Review – Root: The Clockwork Expansion

Root: The Clockwork Expansion. Leder Games 2020. Designed by Benjamin Schmauss & Cole Wehrle. Art by Kyle Ferrin.

One of the most talked about games in the last few years that wasn’t Gloomhaven has been the asymmetrical, cute-animals-in-the-woods wargame Root. Last year at Origins, when we were actually able to get a copy after it had been sold out forever, we couldn’t wait to get it to the table.

Unfortunately, the two-player game isn’t as robust as you would think. Out of the box, unless you play with the Marquise de Cat and the Eyrie Dynasties, the game is really hard to pull off. The other two factions rely so heavily on interaction with multiple opponents that it gets old fast. Still, I couldn’t help but to stare at this magical box, with its adorable-yet-deadly creatures, and dream about what could be.

Then, Leder Games released Root: the Clockwork Expansion. Finally, an official way to play with automated players! I could play as any faction I want in a two player game! Heck, I could play solo! Officially!

A solo game…with 4 factions!

I say “officially” because the Clockwork Expansion is an official release of the fan-created Better Bot Project by Benjamin Schmauss. Schmauss has been working on this thing pretty much since the original game was released, and it has been a popular-but-not-printer-friendly way to open the game up to low player counts.

So, does it open the game up?

ABSOLUTELY. In the last 2 weeks, I’ve played seven solo games, trying each of the base factions with various configurations of two, three, and even four automated players. I played as the Marquise, trying to maintain her hold on the forest against the Electric Eyrie. I played as the Woodland Alliance, gaining sympathy and rising up against the tyranny of the Mechanical Marquise and the Eyrie. I finally, FINALLY got to play as the Vagabond, slipping in and out of the woods and causing chaos to the Automated Alliance, the Marquise, and the Eyrie.

The most surprising thing about the Clockwork expansion is just how smoothly it plays. The automated factions follow different rules than their fleshy counterparts, but they still feel like the factions they represent. The Electric Eyrie still slowly pushes its way across the board. The Automated Alliance bases still pop up out of nowhere, killing all enemies that happen to be hanging out there, The Vagabot still dances around the board, aiding players and stealing cards.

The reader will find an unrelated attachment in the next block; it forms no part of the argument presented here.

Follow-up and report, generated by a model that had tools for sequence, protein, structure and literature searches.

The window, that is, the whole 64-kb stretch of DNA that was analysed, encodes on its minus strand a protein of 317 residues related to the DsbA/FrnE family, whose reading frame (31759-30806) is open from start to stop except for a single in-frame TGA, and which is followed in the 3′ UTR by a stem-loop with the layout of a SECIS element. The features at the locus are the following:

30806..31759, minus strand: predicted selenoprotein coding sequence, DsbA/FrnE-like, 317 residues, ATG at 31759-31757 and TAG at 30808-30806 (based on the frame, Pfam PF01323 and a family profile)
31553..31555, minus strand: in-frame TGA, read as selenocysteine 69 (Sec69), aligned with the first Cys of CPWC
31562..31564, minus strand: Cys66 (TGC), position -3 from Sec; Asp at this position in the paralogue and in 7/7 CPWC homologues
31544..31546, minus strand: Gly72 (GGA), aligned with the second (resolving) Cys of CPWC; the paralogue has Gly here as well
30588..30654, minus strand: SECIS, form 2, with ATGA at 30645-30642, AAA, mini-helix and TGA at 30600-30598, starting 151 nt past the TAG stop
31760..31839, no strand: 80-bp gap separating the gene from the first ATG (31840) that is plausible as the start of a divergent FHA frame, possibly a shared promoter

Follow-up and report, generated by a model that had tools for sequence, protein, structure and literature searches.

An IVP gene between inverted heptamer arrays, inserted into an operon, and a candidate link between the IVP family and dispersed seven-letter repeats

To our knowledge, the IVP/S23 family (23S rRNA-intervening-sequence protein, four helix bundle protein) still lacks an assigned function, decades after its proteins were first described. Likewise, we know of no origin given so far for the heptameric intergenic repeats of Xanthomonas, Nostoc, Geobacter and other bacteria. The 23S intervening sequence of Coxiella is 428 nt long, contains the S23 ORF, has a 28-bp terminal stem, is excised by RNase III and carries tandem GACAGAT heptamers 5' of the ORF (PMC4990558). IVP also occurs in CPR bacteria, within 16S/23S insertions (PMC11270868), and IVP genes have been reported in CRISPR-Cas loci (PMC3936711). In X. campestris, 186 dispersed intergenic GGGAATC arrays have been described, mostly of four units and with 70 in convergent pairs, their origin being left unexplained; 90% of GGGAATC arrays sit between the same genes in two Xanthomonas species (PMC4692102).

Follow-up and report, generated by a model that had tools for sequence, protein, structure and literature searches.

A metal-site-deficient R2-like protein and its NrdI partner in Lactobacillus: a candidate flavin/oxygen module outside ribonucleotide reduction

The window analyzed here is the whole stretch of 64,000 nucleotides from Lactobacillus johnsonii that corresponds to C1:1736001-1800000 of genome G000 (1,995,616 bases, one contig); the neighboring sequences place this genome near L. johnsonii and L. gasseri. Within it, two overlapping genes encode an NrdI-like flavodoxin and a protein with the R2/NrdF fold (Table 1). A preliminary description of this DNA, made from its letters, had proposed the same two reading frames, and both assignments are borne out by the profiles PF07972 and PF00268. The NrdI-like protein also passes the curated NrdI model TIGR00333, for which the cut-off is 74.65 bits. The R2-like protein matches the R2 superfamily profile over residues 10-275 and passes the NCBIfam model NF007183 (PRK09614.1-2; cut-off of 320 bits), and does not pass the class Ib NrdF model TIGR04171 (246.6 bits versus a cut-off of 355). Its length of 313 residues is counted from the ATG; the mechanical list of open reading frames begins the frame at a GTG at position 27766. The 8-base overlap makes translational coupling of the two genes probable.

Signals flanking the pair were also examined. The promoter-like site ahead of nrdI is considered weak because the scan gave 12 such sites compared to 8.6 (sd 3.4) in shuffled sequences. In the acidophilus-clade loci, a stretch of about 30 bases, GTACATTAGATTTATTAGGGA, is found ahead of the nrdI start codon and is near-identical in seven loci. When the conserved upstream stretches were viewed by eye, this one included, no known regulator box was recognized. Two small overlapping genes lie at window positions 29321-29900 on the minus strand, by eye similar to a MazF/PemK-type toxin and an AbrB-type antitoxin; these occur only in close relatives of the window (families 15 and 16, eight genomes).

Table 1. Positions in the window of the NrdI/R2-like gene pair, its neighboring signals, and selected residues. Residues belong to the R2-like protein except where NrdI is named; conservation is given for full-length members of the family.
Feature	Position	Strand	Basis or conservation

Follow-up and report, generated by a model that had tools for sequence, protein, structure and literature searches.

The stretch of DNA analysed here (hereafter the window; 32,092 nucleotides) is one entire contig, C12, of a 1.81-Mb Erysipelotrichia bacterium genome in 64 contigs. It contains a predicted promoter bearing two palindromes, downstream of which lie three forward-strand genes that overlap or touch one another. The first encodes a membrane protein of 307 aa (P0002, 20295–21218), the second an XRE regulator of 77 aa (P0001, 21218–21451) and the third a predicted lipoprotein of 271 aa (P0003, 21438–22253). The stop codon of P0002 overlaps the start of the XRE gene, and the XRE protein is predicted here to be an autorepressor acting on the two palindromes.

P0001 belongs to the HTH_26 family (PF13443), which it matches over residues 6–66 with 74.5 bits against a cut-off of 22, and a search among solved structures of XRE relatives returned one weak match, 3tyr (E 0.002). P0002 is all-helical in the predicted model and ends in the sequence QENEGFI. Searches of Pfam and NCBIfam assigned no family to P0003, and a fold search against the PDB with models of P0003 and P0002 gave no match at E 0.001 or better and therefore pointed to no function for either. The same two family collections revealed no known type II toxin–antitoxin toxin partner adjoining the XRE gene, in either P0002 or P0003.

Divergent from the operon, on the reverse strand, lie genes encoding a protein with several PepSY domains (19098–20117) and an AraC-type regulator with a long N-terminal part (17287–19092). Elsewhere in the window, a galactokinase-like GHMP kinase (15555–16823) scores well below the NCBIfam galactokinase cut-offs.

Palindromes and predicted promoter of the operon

And though the AI factions operate via flowcharts, the fact that they use a random card draw to dictate their actions for the round means that they still act in surprising ways. As the Alliance, I had set up a base and gotten a few recruits and commanders, ready to do some serious damage. Before I could act, I found myself swarmed with birds, my base was destroyed, and I was back to the drawing board. And the worst part was that if the Eyrie had just rolled worse in the fight they had with the cats in a different clearing, they would have ignored me.

Pride comes before the fall.

All this said, I still did find myself referring back to the Laws of Rootbotics book to figure out some of the more ambiguous actions in a turn. There are numbers you put out on the board to determine the “priority” of each clearing. For some actions, the AI opponents will head for the highest priority clearing, and for some, they head for the lowest priority. And the fact that high numbers are lower priority just adds another complication on top of the complications that arise from the flowcharts.

Additionally, the Electric Eyrie, as printed, doesn’t work. It is possible for that faction to get stuck in a loop. Luckily, you can print off the corrected movement from Board Game Geek and just tape it to the player board. Still, these are all pretty complex AIs, so the fact that there’s only one game-breaking problem in the first printing means something, right?

But is it challenging?

If you have been following our On the Table posts, you’ll notice that my win/loss ratio isn’t…stellar. I probably win 1/4 of all games I play. In the seven games of Root I’ve played recently against the AIs, I have won exactly one game. Admittedly, I was rusty on the rules, so mistakes were made in the first couple of games. And maybe I wasn’t aggressive enough as the Vagabond. And maybe I relied to heavily on the Eyrie and the Marquise taking each other out when I was the Alliance. And maybe…I’m just…not good?


Anyway, I found the AIs to be challenging, but rarely completely overwhelming. After I got the hang of things (so, like, game 3), I always felt like victory was within reach, if only I could stretch out my paws and take it. And if you’re better than I am at Root (which is likely), there are Difficulty and Trait cards that add abilities to the AIs to make them tougher (or easier, if that’s your jam). I am not even at the point where I would add those in, but a quick glance at them tells me that they don’t disrupt the flow of the game; they just allow the AIs to get more out of their actions.

If you love the Root base game and you play with less than 4 players, I would highly recommend this expansion. For the OMO household, it has taken a game that has sat on the shelf, collecting dust, and gotten more play out of it in 2 weeks than it has had for the entire year we have owned it.

I’m giving it 9 out of 10 victory points. It’s a solid, nearly-perfect expansion to a brilliant game.

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